excel vs surpass what difference

what is difference between excel and surpass

English

Etymology

From Middle English excellen, from Old French exceller, from Latin excellere, excelsum; ex (out) + *cellō, an unattested verb root found in culmen (height, top); Compare French exceller. See also culminate, column.

Pronunciation

  • IPA(key): /ɪkˈsɛl/

Verb

excel (third-person singular simple present excels, present participle excelling, simple past and past participle excelled)

  1. (transitive) To surpass someone or something; to be better or do better than someone or something.
    • La Rochefoucauld, the French philosopher, said: “If you want enemies, excel your friends; but if you want friends, let your friends excel you.” Why is that true? Because when our friends excel us, that gives them a feeling of importance; but when we excel them, that gives them a feeling of inferiority and arouses envy and jealousy.
  2. (intransitive) To be much better than others.
    • 1924: Aristotle, Metaphysics. Translated by W. D. Ross. Nashotah, Wisconsin, USA: The Classical Library, 2001. Book 1, Part 2..
      If, then, there is something in what the poets say, and jealousy is natural to the divine power, it would probably occur in this case above all, and all who excelled in this knowledge would be unfortunate.
  3. (transitive, archaic, rare) To exceed, to go beyond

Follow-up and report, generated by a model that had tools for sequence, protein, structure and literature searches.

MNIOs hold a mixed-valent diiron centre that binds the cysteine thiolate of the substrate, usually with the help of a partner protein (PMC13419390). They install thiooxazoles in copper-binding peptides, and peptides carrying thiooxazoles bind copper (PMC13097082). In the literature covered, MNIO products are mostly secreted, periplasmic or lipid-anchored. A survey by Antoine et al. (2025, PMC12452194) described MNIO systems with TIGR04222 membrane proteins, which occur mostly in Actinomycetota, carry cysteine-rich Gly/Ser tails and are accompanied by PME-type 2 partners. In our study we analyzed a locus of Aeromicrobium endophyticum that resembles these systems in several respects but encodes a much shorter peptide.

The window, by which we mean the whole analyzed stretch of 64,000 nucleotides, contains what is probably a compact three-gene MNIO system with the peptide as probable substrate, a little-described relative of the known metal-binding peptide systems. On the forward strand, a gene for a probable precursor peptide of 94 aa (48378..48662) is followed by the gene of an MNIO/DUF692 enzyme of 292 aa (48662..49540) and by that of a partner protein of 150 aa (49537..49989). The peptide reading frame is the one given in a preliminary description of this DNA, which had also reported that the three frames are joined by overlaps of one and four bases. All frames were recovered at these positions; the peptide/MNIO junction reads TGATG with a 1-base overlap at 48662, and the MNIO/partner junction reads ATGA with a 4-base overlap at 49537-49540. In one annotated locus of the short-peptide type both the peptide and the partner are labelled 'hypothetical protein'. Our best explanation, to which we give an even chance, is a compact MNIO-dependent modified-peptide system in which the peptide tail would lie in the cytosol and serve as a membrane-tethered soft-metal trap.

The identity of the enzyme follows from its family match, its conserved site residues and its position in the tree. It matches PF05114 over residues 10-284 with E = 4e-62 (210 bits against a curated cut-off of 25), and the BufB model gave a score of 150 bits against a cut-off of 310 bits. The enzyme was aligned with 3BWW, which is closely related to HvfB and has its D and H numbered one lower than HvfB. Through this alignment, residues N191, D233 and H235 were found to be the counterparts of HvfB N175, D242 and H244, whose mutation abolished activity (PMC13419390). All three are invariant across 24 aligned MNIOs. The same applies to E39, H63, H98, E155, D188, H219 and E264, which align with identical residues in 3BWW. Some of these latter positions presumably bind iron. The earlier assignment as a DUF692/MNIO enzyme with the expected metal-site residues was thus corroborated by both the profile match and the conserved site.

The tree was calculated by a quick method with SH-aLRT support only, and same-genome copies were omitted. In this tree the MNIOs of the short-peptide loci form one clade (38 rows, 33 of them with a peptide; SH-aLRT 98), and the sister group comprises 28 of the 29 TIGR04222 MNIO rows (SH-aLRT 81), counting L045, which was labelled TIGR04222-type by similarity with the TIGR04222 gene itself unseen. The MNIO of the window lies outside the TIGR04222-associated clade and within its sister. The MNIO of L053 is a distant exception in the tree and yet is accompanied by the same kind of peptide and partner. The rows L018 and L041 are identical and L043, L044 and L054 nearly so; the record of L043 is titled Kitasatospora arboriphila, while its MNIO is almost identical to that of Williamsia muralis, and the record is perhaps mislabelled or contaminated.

• 1674, John Milton, Paradise lost, book II
      She opened; but to shut / Excelled her power: the gates wide open stood []

Synonyms

  • (to surpass someone or something): better, outclass, outperform; see also Thesaurus:exceed
  • (to be much better than others): rock, rule
  • (to go beyond): exceed, overstep, surpass, transgress, transcend; see also Thesaurus:transcend

Related terms

  • excellence
  • excellent

Translations

References

  • excel in Webster’s Revised Unabridged Dictionary, G. & C. Merriam, 1913.


English

Etymology

From Middle French surpasser (to pass beyond). Surface etymology is sur- +‎ pass.

Pronunciation

  • (US) IPA(key): /sɚˈpæs/
  • Rhymes: -ɑːs

Verb

surpass (third-person singular simple present surpasses, present participle surpassing, simple past and past participle surpassed)

  1. (transitive) To go beyond or exceed (something) in an adjudicative or literal sense.

Synonyms

  • (to go beyond): exceed, forpass, transcend; see also Thesaurus:transcend
  • (in a metaphoric or technical manner): exceed, excel, outdo, outstrip; see also Thesaurus:exceed

Translations

Further reading

  • surpass in Webster’s Revised Unabridged Dictionary, G. & C. Merriam, 1913.
  • surpass in The Century Dictionary, New York, N.Y.: The Century Co., 1911.
  • surpass at OneLook Dictionary Search

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